SD Woman Who Survived Kenya Mall Attack Shares Story

Elaine Dang: "I knew something really bad was happening"

By Christina London and Rory Devine
|  Wednesday, Nov 6, 2013  |  Updated 6:36 AM PDT
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26-year-old Elaine Dang, the San Diego woman caught in a Kenyan mall during a terrorist attack, shares her story of survival. Here’s NBC 7’s Rory Devine

26-year-old Elaine Dang, the San Diego woman caught in a Kenyan mall during a terrorist attack, shares her story of survival. Here’s NBC 7’s Rory Devine

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Local Woman Injured in Nairobi Attack

At least 68 were killed, 175 injured including five Americans, in a deadly shooting rampage at an upscale mall in Nairobi. One of the injured Americans is from San Diego. Elaine Dang lived in Carmel Valley before she moved to Kenya. NBC 7's Megan Tevrizian reports.
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For the first time on local TV, we’re hearing from a San Diego woman injured during a terrorist attack inside a mall in Kenya.

26-year-old Elaine Dang had been living and working in Nairobi a little more than a year when the attack happened in September.

The Torrey Pines High School graduate said she was judging a children’s cooking contest on the mall rooftop when she started hearing screams and faraway booms.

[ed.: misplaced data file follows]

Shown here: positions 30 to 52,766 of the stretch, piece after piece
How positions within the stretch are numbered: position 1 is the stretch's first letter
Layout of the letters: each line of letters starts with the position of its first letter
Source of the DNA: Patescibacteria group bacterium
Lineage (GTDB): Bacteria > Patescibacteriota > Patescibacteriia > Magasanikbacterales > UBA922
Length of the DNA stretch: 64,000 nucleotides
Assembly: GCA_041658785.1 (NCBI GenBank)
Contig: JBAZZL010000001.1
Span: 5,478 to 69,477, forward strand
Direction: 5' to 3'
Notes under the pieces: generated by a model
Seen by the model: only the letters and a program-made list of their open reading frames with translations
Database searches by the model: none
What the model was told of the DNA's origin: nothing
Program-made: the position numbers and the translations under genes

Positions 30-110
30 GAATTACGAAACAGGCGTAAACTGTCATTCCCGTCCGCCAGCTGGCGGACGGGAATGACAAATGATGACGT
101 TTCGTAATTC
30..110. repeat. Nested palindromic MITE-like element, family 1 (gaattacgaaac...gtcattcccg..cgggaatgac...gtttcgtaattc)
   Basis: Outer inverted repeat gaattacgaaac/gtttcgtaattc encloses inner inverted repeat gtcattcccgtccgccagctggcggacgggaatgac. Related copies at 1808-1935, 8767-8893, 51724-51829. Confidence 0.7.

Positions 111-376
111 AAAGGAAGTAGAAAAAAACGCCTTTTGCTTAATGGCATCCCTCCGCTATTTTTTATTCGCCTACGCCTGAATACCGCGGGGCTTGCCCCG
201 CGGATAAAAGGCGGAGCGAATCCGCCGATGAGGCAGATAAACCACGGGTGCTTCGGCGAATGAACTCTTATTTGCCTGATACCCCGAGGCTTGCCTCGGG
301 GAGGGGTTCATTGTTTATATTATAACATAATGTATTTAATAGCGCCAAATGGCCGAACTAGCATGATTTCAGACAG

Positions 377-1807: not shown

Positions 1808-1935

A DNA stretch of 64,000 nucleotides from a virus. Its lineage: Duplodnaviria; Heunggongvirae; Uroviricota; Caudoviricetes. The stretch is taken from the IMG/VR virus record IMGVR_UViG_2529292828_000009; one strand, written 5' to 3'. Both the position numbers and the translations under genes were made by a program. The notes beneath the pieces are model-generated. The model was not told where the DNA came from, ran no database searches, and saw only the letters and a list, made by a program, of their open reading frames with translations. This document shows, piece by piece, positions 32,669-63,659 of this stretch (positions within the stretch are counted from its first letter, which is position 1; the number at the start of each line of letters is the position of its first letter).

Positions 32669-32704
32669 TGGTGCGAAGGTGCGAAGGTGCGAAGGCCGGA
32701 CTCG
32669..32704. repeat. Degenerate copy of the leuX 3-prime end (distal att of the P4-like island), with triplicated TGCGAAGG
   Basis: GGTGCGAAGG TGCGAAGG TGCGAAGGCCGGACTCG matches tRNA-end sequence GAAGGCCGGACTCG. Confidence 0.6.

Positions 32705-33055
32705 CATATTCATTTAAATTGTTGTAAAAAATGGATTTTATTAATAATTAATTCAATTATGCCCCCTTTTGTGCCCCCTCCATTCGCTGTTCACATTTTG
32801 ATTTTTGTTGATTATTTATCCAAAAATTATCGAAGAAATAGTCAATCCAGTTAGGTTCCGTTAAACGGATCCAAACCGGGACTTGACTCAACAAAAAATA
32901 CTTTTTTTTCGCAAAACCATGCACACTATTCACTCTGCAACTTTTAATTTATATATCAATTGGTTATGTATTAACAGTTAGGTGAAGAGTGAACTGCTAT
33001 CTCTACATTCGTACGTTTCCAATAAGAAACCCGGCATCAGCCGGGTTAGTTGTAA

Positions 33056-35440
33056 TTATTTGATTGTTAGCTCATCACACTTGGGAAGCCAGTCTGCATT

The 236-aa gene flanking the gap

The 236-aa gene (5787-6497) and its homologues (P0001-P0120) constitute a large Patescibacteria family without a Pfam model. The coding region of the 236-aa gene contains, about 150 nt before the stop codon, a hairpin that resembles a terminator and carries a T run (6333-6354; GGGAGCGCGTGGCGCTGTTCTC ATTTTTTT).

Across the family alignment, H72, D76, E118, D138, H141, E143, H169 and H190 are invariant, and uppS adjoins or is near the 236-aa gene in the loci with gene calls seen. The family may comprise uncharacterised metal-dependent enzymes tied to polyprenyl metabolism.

What followed, Dang describes, was complete chaos.

“I knew something really bad was happening,” Dang said. “I unzipped my bag to grab my phone. I was actually planning on calling my sister to tell her I love her and then just hang up the phone.”

At first, Dang said she hid under kitchen counters. When a gunman fired at a nearby gas canister, blowing it up, she took the opportunity to run.

“Everything now turned to slow motion,” she said. “I remember it exploded. I remember seeing fire, and I remember looking to my left and seeing people scatter, so I thought this is a great time to run because they are distracted.”

A photographer captured an iconic photo of Dang, covered in blood, as she was escorted away from the mall.

“The moment this captures is the biggest feeling of relief I’ve ever felt,” she recalled.

Despite the horror she witnessed, Dang said she has no regrets about going to Kenya and still considers it her second home.

Dang was hit by shrapnel and has nerve damage in her leg. Her family has set up a fund to help pay for her recovery, as well as help Kenyan children and disaster victims.

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